Monday, March 15, 2010

Sweet Success!

For the last two weeks I've been totally absorbed by We'd Tap That!, the maple syrup project with Not Far From The Tree. We tapped our first tree on Mar 3rd- Colette volunteered her large Norway maple to be our test tree, and for the first few days we had ideal temperatures! Sap needs certain conditions to run- nice and warm in the daytime and below freezing overnight. Colette's tree was a gusher! We were using 2 litre pop bottles as a collection system and the sap was running so freely we were soon scrambling to find containers to pour it in so we could freeze it. Over the weekend of Mar 5th we tapped an additional 6 trees in backyards scattered about Toronto and the sap was running strong. I felt a little like the boy with his finger in the dam; as fast as I could distribute empty bottles, tree owners and volunteers were filling them. For a few days everywhere I went I could be seen scrounging in blue bins for food grade containers that could hold a few litres- you can bet a got more than few funny looks as I traveled by subway with bags full of plastic bottles! We were also running out of freezer space- sap begins to break down after a day or so and we planned on boiling it down all at once so freezing was the only way to keep it fresh.

Then the weather intervened. The lovely warm days here in Toronto last week meant the temperatures didn't drop below freezing overnight. The sap run dwindled to a trickle. Still we managed to come up with 70 litres of beautiful clear sap!

The sap boiling takes a considerable amount of time because of the high water to sugar ratio. Most syrup operations use Sugar maples because the sugar content is the highest, hence the name. We were only tapping Norway Maples because they are the most abundant and healthiest of all urban maples. It takes about 60 litres of Norway sap to produce one litre of syrup. It's a lot of work for only a tiny amount of syrup! Our plan was to boil down the combined sap in a large borrowed evaporator pan over an open fire. We made arrangements with Dufferin Grove Park to use their existing firepit, ordered our firewood, and got our official permit from the city for the Sugaring Off Party on Sunday Mar 14. We planned to have sap and syrup tastings, a pancake breakfast, games and activities for kids and music by an amazing band, Makita Hack and the Log Rollers. The boil down day was scheduled for Saturday, the day before.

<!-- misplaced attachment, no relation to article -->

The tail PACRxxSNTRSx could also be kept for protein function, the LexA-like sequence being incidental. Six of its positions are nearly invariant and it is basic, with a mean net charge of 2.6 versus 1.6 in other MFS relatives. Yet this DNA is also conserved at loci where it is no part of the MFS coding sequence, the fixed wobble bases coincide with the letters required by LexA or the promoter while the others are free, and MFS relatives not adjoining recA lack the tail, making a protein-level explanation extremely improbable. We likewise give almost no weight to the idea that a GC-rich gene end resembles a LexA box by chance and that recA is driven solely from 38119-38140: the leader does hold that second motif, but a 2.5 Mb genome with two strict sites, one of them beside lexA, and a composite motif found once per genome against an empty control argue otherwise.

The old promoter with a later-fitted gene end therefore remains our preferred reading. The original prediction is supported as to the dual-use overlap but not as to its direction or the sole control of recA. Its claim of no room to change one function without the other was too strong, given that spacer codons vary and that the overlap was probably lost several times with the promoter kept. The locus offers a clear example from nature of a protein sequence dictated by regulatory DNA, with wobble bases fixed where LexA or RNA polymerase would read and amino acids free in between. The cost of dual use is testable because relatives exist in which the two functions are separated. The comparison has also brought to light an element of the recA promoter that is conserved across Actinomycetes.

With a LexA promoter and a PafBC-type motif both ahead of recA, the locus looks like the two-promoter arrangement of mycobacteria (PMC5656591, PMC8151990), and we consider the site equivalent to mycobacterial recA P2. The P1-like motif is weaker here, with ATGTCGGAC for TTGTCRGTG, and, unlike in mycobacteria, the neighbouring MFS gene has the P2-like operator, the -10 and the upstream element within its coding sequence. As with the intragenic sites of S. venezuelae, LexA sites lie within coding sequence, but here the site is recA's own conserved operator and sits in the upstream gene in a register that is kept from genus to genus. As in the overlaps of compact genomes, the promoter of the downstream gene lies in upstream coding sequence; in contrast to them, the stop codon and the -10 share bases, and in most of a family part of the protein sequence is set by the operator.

Then the weather thwarted us again. After weeks of sunny days we got hit with rain. A steady downpour for 3 days and if that wasn't enough to put a damper on things, it got windy too. Huge gusts of wind made for near impossible conditions- park rules dictate no open fires when it's windy. Thankfully Dufferin Grove has a wonderful rinkhouse with an industrial kitchen attached to the garage. So on Saturday we moved our operations indoors- the evaporator pan fit snuggly over the gas stove, almost like it was designed that way. With all four burners blazing and the ventilation on high to suck out the steam, we reduced our 70 litres of sap down to about 5 litres of partially finished syrup in record time!

Sunday dawned grey and cold but the winds had died and the rain held off. We opted to move the party indoors in any case so the garage was converted into a sugar shack, with photos and models of our collection system on display. We had a sampling station for people to taste the fresh sap and partially finished syrup while we continued to cook the remainder. Inside the rinkhouse, there was a roaring fire in the woodstove, and tables and chairs to sit at while enjoying the amazing band! The turnout was fantastic- tons of people stopped by for a sample and many stayed for the whole event. There was a long line for pancake, sausage and maple baked bean breakfast served up by the Parks staff and some of our volunteers in the Zamboni cafe - we even ran out of sausages.

But the crowning glory of the event for me was the final product- a tiny amount of beautiful, light, pure syrup!

My Quebec ancestors would be proud.

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